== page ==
Several weeks ago I mentioned the New York Times/CBS poll that found that 81 percent of Americans believe that "things have pretty seriously gotten off on the wrong track" in this country. A few weeks ago, the Pew Research Center released a poll that goes deeper into the specifics, with some disheartening figures about how, well, disheartened Americans are these days. The poll that found that fewer Americans now than at any time in the past half century believe they're moving forward in life. A quarter of respondents said they don't feel as if they have moved forward in life in the past five years, and 31 percent feel they have moved backwards. It's not surprising; since 1999, middle-class Americans have not made economic gains.
The more interesting data in the study, though, is on those who consider themselves middle class. Forty percent of Americans with incomes below $20,000 say they are middle class, as well as a third of people with incomes above $150,000. That's a mighty big middle. There are also interesting race distinctions: 50 percent of African Americans, 54 percent of Latinos, and 53 percent of whites say they are middle class, but members of minority groups who classify themselves as middle class have far less income. For whites, the median income of those who self-identified as middle class was $56,295. For blacks, it was $46,849, and for Latinos, it was $39,363.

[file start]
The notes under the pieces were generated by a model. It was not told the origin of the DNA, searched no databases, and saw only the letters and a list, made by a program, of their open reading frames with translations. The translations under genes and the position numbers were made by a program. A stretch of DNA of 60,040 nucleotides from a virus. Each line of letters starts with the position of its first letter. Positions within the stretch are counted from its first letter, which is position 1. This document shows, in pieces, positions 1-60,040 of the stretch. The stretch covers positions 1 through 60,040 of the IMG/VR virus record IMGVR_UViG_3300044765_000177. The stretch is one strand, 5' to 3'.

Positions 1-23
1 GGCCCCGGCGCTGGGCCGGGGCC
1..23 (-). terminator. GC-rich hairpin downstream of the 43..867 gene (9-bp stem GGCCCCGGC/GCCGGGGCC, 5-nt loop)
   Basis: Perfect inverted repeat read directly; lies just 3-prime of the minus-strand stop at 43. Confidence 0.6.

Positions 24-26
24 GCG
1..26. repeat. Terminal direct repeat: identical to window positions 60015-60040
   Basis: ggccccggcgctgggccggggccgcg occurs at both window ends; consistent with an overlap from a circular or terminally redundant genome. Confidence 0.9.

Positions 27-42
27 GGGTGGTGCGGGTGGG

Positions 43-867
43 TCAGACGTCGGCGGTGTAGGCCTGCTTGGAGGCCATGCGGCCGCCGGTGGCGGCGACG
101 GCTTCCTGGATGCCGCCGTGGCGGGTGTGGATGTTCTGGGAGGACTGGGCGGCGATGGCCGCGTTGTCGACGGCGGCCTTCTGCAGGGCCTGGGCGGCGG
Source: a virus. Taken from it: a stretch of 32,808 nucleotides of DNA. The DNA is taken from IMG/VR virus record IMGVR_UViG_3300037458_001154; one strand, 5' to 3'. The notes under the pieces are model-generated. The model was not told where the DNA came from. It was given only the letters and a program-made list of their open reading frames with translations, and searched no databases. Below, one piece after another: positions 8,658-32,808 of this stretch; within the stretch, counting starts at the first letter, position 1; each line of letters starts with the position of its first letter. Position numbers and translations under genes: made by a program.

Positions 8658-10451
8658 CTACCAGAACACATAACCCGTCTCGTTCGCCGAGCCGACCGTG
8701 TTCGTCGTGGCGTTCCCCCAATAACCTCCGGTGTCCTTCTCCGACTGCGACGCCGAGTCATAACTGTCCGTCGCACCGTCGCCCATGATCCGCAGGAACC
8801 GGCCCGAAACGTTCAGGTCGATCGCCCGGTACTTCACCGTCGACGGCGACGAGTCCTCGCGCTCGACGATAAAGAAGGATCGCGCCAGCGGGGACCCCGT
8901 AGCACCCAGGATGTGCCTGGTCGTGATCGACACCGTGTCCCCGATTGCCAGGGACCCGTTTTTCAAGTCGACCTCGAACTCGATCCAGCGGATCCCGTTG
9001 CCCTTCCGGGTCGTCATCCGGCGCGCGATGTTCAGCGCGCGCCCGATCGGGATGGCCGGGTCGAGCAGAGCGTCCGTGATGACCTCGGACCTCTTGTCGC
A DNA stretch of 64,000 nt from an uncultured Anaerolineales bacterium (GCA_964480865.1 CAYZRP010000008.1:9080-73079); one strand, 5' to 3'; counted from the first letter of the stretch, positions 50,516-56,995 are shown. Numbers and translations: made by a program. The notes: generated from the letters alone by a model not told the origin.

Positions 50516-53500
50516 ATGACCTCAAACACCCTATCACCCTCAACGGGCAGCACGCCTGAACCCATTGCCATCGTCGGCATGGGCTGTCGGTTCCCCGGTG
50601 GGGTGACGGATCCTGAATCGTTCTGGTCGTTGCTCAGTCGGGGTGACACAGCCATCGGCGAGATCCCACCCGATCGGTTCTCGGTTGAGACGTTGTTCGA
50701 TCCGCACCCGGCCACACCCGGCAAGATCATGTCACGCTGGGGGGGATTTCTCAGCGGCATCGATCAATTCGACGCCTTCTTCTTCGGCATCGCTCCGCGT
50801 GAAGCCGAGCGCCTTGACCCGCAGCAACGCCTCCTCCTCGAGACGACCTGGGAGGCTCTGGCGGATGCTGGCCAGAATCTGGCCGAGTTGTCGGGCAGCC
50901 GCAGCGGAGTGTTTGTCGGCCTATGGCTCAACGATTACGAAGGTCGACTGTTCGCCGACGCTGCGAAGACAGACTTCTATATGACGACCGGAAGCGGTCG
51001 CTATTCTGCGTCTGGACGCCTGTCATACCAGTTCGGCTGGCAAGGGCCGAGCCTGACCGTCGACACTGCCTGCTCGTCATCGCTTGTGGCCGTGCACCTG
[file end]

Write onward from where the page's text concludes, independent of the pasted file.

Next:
The racial disparities continue: though similar percentages of blacks and whites call themselves middle class, a third of African Americans identify as "lower class" -- compared to only 23 percent of white Americans. White Americans are also much more likely to to identify as "upper class" – 23 percent as compared to 15 percent of African Americans.
Indeed, both the actual disparities and the perception of those disparities are are shaped by longstanding inequality in this country. But what's most interesting is how strongly Americans of all races and incomes identify with the middle class, even in increasingly difficult times.